By their very nature, financial markets rise and fall constantly, with an ever-present potential for gain or loss. The key is to have a plan in place in advance of large market selloffs or large market increases.
The stock market has hit new highs this year. Is it time to get out?
Investor euphoria-and conversely, concern-is now growing due to the U.S. stock market’s rise to all-time highs. How high is high, and how long will it last? Nobody knows for certain, but we can expect continued volatility if the bull market continues to mature. Be prepared.
During periods of new highs, financial markets are often exposed to wide swings in market value. Such market volatility, with prices sharply rising and falling, is a reflection of changeable investor sentiment as well as possibly more substantive economic or political events. By their very nature, financial markets rise and fall constantly, with an ever-present potential for gain or loss. The key is to have a plan in place in advance of large market selloffs or large market increases.
It is important during these periods for investors to avoid emotional responses to investing. If markets fall sharply, some investors will sell all or part of their holdings and shift into what they perceive to be “safer” investments. Such emotion-based selling after a market decline simply turns paper losses into real ones and limits any possible gains should the market recover. These same investors will also respond emotionally and buy when the markets are “hot” and values are rising. The result is frequently an investor who buys high and sells low and consistently loses money.
Other investors attempt to time the markets: selling when the market is thought to be high and then buying when the market is considered to be low. The problem is that it’s never clear just when the market has reached a trough or a peak. Market timing is a concept that, in theory at least, seems logical. In practice, however, no one has yet devised a system for consistently and accurately identifying market tops and bottoms. Many have sold prior to the market moving lower, but just can’t find the low point to buy back in, and often buy after prices have risen, just like the emotion-based investor.
There are, however, ways for investors to cope with fluctuations in the market. Asset allocation modeling is an investment strategy that seeks to reduce investment risk by spreading an investor’s portfolio over a number of different asset types or classes. This diversified approach takes advantage of the tendency of different asset types to move in different manners and cycles in an effort to smooth out the ups and downs of the entire portfolio. Stocks, bonds, and cash (or cash equivalents) are the broad asset classes typically used. Tangible assets, such as real estate or gold, may also be included for further diversification.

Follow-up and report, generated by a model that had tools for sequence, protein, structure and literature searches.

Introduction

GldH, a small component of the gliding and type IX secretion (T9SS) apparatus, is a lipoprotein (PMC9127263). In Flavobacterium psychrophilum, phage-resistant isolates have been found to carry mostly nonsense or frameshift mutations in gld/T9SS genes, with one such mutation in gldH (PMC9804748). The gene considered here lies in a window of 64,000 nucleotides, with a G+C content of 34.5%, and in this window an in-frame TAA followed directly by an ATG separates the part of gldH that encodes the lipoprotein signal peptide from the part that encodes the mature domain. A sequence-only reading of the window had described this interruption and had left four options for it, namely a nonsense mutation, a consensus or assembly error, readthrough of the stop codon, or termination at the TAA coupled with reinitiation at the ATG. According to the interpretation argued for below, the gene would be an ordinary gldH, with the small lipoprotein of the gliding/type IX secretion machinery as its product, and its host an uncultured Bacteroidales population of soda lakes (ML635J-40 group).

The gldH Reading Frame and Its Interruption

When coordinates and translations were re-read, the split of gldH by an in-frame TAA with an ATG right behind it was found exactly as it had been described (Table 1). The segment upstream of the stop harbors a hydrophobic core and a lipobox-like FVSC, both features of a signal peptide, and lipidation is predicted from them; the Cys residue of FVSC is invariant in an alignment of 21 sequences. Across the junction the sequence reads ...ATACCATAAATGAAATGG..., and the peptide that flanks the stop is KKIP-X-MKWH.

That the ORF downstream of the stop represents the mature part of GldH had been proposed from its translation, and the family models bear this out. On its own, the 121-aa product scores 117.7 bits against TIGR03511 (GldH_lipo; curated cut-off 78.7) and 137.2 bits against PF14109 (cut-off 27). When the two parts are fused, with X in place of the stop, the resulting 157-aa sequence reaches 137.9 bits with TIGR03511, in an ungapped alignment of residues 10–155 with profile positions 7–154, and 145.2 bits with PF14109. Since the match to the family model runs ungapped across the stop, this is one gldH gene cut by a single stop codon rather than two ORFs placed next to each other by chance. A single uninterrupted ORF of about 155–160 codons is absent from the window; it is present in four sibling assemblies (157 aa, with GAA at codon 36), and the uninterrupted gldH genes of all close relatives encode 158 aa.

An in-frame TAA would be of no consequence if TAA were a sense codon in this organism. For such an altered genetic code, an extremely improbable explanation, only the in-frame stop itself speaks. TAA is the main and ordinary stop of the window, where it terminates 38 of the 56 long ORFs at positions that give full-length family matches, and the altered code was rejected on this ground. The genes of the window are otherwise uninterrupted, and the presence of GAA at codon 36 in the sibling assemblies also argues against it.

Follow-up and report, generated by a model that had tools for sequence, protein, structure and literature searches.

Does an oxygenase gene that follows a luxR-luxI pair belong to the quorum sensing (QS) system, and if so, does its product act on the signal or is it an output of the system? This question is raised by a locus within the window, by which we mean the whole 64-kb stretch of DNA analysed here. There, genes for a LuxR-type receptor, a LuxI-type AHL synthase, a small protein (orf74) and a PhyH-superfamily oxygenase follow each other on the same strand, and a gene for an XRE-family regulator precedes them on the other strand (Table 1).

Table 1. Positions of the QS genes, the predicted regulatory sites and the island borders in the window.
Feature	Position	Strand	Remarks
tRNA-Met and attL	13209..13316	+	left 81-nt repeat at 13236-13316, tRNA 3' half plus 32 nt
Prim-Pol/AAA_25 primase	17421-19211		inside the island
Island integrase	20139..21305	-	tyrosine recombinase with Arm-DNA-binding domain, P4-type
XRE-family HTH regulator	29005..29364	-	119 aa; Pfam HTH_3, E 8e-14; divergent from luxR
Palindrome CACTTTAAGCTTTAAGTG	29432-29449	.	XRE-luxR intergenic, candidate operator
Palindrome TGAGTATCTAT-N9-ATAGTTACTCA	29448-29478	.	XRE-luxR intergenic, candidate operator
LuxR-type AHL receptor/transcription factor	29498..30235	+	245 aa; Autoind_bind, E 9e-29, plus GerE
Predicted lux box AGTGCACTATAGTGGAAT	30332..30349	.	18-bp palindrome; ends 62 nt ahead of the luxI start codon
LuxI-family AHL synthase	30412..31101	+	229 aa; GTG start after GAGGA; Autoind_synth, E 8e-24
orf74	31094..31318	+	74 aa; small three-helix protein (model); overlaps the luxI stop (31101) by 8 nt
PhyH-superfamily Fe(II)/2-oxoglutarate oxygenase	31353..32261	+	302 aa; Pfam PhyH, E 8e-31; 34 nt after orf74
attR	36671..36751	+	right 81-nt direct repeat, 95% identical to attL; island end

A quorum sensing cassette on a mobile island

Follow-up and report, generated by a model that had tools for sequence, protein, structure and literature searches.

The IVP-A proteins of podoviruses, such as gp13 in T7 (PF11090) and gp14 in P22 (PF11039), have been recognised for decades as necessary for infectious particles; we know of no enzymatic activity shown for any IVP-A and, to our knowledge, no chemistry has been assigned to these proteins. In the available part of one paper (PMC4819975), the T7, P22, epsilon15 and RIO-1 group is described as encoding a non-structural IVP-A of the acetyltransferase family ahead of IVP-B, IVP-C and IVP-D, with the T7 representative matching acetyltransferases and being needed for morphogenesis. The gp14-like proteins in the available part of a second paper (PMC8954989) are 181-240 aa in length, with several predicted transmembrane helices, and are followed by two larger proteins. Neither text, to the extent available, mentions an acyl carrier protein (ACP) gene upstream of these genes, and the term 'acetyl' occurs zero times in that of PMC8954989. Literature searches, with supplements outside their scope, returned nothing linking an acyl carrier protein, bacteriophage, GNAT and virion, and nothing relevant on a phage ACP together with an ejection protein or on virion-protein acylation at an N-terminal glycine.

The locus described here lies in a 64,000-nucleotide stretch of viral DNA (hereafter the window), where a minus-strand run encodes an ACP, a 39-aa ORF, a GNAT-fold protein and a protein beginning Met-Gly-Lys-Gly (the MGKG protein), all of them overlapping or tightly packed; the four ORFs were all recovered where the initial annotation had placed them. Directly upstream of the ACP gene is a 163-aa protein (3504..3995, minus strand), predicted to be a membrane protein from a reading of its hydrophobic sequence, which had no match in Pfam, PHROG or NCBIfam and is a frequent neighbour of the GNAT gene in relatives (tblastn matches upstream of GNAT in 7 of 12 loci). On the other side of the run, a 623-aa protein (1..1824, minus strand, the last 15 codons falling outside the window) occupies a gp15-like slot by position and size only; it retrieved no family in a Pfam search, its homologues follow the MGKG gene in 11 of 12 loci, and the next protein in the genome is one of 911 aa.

The asset allocation process begins with an analysis of the historical levels of risk and return for each asset type being considered. These historical values are then used as a guide to structuring a portfolio that matches the investor’s individual goals and overall risk tolerance level. It’s crucial that an investor’s portfolio allocation reflects factors such as their investment goal, time frame, need for liquidity, risk tolerance, and income tax bracket. As time passes, and as market and economic conditions change, it is likely that an investor’s goals, and the optimal portfolio mix to reach those goals, will also change. Adjusting the asset allocation by rebalancing on a quarterly basis is a regular part of good investment management in both up and down markets.
Market volatility also impacts the implementation of a new investment strategy. Rather than making a single, lump-sum investment during periods of new market highs, some investors feel more comfortable investing an equal dollar amount at regular time intervals. This process is referred to as “dollar cost averaging” and enables you, as the market climbs, to buy more shares when the price is lower and fewer shares when the price is higher.
Keep in mind that dollar cost averaging does not assure a profit and does not protect against losses in a declining market. Investors should therefore consider their financial as well as emotional ability to continue purchases through periods of low price levels.
What is the preferred method to move funds from one individual retirement account to another?
The Internal Revenue Service recently announced that individuals will be permitted only one IRA-to-IRA rollover per a 12-month period, with enforcement becoming effective Jan. 1, 2015. In this arrangement, an individual receives a distribution check from one of their IRAs and has 60 days to deposit the same amount into an IRA in order to avoid the distribution being treated as taxable income. This newly imposed limit fortunately does not apply to trustee-to-trustee transfers. There continues to be no limit on the number of transfers directly from one IRA to another, which is the generally recommended manner in which to move funds from one IRA to another.UT
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